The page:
A colleague told me about a conservation land with rock piles and I decided to go and try exploring it myself. I didn't find anything until I was trying to get back to the trail, feeling slightly lost and, ironically, stumbled on a small site in a break-out zone, where water was coming out of the hill in a little gully and wetland. I do not think these are the piles my colleague told me about and I did fail to find some nice site he talked about. Anyway, I was walking along feeling lost and saw this:Quite a nice pile. Usually at a rock pile site in a break-out zone like this, the piles are not so substantial, usually I expect just a handful of rocks on a support boulder.
Here is a picture of the slope with a more typical smaller pile. The view here is roughly southeast.
Here is a view of the same slope, facing more southwest:
A closeup of that pile:
(It is nice also to have such good light under the trees along with the color of the leaves. The light is never too good in the woods in summer).
So I walked down the slope, towards the north, following the faint gully that was forming there. Snapping pictures of most of the piles. Walking through the thick barberry bushes, getting a few scratches but, look at this:Worth the wait, in my opinion. Here are a couple more from in there:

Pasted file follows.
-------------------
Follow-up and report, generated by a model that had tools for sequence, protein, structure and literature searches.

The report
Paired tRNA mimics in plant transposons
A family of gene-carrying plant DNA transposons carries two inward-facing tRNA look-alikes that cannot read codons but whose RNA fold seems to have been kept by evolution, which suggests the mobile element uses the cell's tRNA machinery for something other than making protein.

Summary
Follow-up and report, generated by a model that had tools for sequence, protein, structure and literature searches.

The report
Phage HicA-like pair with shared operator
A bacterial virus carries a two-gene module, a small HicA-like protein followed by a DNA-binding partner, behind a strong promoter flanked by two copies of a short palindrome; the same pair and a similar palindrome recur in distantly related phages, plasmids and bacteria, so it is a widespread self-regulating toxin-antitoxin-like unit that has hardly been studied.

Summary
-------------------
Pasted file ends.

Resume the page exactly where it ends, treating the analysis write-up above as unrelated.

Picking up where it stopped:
A few feet further down hill I hit the trail and, looking back I could see this last pile, clearly visible from the trail about forty feet away. I had passed the site on my way in.
There is not a great deal I can conclude from this site - a small collection of rock piles along a faint gully, forming on the northern side of a hill. The piles are all supported on boulders and seem to be made from the rocks that were lying around on the hillside - some rounded, some sharp edged. No one ever tried to farm this rocky slope. At a glance I would have thought there were only two or three piles in there but poking through the bushes carefully turned up about eight different rock piles.